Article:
Gold closed last week at $1399 having hit a high of $1410 its highest level for 6 years.
Now we are hearing professional commentators stating that $1500 gold this year is indeed a strong possibility. Now who is saying this?
Well, analysts at Citibank are. According to a recent Reuters Report:
“A U.S. Federal Reserve signal that it may cut rates as soon as next month to combat economic risks – the first reduction since 2008 — has created a bullish tailwind for bullion, said analysts at Citibank….Gold could rise as high as $1,500 by the end of the year, they said.”
Indeed, very positive news. Is there anyone else who is positive? Well yes; Societe Generale analyst Robin Bhar is quoted as saying:
“The stars seem to be aligning for the gold market.”
Back in January of this year, Mad Money’s Jim Cramer stated to Anna Golubva of Kitco:
“We are big gold believers here. Now gold is at $1,300, we think gold is going to $1,400-$1,500. We suggest that everybody have a little bit of gold in their portfolio,”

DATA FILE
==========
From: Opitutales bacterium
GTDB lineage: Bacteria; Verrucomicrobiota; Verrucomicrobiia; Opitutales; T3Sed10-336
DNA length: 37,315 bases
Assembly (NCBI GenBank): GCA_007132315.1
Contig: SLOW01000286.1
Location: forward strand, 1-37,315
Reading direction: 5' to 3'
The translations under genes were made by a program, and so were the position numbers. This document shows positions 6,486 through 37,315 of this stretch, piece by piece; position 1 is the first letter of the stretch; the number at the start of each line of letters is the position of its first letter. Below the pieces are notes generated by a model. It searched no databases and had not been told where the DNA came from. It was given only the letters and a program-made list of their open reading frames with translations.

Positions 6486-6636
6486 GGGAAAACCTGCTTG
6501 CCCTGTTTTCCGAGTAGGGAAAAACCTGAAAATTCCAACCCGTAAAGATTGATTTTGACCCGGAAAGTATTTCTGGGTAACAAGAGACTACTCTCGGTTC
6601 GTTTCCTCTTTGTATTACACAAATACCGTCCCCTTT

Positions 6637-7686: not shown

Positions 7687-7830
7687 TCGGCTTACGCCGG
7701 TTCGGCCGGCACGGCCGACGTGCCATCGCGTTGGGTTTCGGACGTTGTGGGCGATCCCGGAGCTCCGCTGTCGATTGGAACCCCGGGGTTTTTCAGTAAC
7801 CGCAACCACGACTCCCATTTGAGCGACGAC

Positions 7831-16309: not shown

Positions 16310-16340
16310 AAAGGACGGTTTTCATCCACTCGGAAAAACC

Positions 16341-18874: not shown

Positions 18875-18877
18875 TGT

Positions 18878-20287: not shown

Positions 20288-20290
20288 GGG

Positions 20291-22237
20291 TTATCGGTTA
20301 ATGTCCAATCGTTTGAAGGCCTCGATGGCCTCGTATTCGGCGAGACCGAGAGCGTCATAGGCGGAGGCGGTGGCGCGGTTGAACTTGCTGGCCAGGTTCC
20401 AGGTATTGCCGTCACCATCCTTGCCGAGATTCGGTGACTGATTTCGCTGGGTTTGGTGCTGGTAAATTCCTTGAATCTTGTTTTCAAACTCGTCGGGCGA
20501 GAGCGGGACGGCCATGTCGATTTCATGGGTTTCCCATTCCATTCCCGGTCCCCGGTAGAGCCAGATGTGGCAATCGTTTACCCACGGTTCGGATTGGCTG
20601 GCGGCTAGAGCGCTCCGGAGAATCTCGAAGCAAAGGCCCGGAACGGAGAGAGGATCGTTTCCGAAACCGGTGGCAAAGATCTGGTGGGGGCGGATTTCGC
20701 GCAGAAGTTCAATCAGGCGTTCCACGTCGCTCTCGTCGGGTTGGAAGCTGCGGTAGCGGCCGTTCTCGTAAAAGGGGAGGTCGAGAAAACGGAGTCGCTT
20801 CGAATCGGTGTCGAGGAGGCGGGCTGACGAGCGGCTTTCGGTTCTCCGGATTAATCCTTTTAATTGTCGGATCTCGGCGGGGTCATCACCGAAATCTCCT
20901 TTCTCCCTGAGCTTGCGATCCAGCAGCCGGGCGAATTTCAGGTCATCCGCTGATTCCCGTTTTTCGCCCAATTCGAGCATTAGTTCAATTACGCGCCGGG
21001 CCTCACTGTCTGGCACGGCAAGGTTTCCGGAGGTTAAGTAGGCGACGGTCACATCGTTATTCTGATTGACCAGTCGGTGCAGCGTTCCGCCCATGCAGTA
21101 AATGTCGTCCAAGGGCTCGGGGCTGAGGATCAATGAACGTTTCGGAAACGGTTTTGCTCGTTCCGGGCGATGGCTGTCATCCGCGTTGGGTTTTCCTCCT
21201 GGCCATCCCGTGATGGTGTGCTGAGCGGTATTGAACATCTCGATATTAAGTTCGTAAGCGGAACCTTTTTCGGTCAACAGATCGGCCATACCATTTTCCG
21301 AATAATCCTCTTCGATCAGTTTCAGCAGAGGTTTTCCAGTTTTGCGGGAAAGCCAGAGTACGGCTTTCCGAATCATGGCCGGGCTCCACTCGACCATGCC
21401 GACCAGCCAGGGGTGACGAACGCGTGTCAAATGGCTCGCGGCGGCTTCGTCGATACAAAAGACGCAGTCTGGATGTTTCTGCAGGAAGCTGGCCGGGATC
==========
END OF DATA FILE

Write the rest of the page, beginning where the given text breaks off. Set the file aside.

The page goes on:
Dana Samuelson, President of precious metals and rare coin dealer, American Gold Exchange told Market watch this week:
“A modestly weaker U.S. dollar, as measured on the U.S. Dollar index and slightly lower yields on; the U.S. 10-year treasury notes, the German 10-year, the Italian 10-year and the U.K 10-year were all helping to lift gold Monday………………..Gold loves cheaper money……………This market looks like it will tend to grind higher from here on the back of cheaper money, while yields continue to erode. The trend is your friend, and gold’s trend is clearly higher.”
Also, yesterday UBS strategists lifted their three-month gold target to $1,430 from $1,380 an ounce.
“A few years and several false starts later, we think the macro backdrop has now started moving more convincingly in gold’s favour ……. Though the route for gold is unlikely to be a straight path higher.”
Despite this increase they still hold the view that gold will end the year below $1400 though they expect it to close 2020 at $1450 and only from 2021 – 2023 to end at or slightly above $1500
For those interested in technical analysis and a more bullish view; Christopher Vecchio of DailyFX.com states:
“the gold price rally in June may mark the continuation of a major bottoming effort that began in 2017, after breaking the multi-year descending trendline from the 2011 high. The multi-year inverse head and shoulders pattern points to gold price targets between 1685.67 and 1820.99.”
At the same time, Saxo Bank analyst Ole Hansen has stated: